The pathology requisition should contain all pertinent information, including date of last menstrual period. The best way to prove or disprove that ovulation has taken place is to take an endometrial sample on cycle day 22 or later, preferably at the onset of uterine bleeding. By obtaining samples at the time of early uterine bleeding, the pathologist will be able to determine whether the bleeding is caused by the breakdown of postovulatory, secretory endometrium; by focal necrosis of the endometrium associated with anovulation; by other pathologic states; or by hormone administration.
Also, during the period of bleeding, both the external os and the isthmus lower uterine segment are widened, facilitating penetration of the biopsy forceps into the endometrial cavity. The final argument in favor of taking samples at the onset of bleeding is that endometrium of the first 2 days of menstruation is relatively easy to recognize histologically. In contrast, secretory-phase endometrium often demonstrates subtle changes and, in many cases, combinations of morphologic changes, resulting in most instances in errors of 4—5 days.
The pathologist can improve this to 2—3 days, however, by acquiring expertise in endometrial dating all cases of normal endometria are to be dated regardless of reasons for sampling , and by basing the dating on those endometrial morphologic alterations that represent the most advanced phase of the menstrual cycle. In any case, one should not average cycle days and report 'POD 3 or 17 th -day secretory endometrium'.
Endometrial biopsies are not to be taken at the onset of bleeding in the following two conditions: These changes are presumably due to the poor development of the corpus luteum. According to most investigators, measurements of serum progesterone levels rather than histological dating of the endometrium provide for the best assessment of LPD see discussion later in this chapter. In LPD, circulating progesterone levels are decreased and not sufficient to promote full secretory differentiation of the endometrium.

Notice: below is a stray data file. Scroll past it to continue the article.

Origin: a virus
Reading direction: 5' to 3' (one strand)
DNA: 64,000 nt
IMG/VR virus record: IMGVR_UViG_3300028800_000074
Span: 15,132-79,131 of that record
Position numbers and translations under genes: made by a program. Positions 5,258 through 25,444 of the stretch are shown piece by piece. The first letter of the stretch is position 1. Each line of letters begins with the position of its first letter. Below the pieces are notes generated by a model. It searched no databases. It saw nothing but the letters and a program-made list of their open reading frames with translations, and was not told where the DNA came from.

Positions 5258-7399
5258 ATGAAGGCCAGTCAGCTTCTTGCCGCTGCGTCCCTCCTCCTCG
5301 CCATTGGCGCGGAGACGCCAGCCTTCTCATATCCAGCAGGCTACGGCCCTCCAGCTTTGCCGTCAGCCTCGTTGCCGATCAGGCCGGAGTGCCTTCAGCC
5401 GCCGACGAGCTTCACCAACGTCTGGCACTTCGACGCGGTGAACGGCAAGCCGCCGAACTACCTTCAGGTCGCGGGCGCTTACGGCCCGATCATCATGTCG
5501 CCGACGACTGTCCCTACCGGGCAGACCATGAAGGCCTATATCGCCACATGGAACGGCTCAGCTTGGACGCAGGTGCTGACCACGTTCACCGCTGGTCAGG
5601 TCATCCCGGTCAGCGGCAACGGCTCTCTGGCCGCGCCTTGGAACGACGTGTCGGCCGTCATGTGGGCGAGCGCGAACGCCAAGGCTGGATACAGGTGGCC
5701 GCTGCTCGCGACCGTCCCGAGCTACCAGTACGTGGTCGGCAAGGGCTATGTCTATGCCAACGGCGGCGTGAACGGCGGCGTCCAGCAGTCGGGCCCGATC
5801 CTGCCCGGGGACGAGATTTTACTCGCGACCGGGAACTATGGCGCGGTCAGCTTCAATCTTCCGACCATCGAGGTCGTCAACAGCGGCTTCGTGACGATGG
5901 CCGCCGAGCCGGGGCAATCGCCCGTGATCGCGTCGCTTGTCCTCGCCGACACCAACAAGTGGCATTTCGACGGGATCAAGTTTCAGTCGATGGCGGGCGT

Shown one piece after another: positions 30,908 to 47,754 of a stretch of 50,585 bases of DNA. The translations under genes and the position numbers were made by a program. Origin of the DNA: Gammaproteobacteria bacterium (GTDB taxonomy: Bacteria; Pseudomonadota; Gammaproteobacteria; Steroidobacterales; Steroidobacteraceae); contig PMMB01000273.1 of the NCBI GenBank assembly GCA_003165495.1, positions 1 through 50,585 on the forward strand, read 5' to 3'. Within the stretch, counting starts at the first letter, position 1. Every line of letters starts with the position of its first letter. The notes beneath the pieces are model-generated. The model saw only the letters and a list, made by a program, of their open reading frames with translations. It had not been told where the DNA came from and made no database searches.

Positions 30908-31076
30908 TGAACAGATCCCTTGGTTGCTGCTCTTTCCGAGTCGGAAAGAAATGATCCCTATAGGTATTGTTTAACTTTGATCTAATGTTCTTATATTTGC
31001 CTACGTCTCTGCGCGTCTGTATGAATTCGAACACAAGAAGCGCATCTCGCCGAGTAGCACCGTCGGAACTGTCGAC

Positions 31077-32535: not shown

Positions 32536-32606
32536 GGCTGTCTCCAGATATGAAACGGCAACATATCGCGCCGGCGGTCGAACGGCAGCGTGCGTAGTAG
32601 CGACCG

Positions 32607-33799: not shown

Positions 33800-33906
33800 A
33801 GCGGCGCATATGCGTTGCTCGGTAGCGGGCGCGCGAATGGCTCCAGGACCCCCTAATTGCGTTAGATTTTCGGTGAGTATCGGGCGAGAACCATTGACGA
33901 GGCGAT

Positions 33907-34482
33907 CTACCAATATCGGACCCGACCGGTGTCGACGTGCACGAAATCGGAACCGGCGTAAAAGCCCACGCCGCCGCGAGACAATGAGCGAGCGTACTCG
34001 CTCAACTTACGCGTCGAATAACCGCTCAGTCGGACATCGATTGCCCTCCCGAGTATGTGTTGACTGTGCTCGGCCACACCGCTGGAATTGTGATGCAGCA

A repeat biopsy taken during the same period of the following cycle will further confirm an abnormally short corpus luteum life span. In cases of clinical membranous dysmenorrhea, the endometrial biopsy should be taken on cycle days 5— In these instances, the histologic specimens contain large fragments casts of endometrium, often with focal Arias-Stella reaction, or star-shaped glands with dense stroma alternating with foci of normal menstrual endometrium.
Such a condition, also called irregular shedding, is presumably associated with a persistent corpus luteum from a recent or remote intrauterine or ectopic pregnancy and with relatively increased blood progesterone levels. Because of the stabilizing effect of progesterone on lysosomal enzymes and prostaglandins, menstrual breakdown may be delayed, prolonged, and extensive.
The major morphologic criteria useful for dating the endometrium throughout the cycle are presented in Fig. In routine dating, the pathologist should avoid bias by evaluating the histologic section before reading the clinical information. After examining the specimen, the pathologist should attempt to correlate histology with clinical history. In the most common terminology for dating the endometrial biopsy, day 1 is used as the first day of bleeding, and this is used in Fig.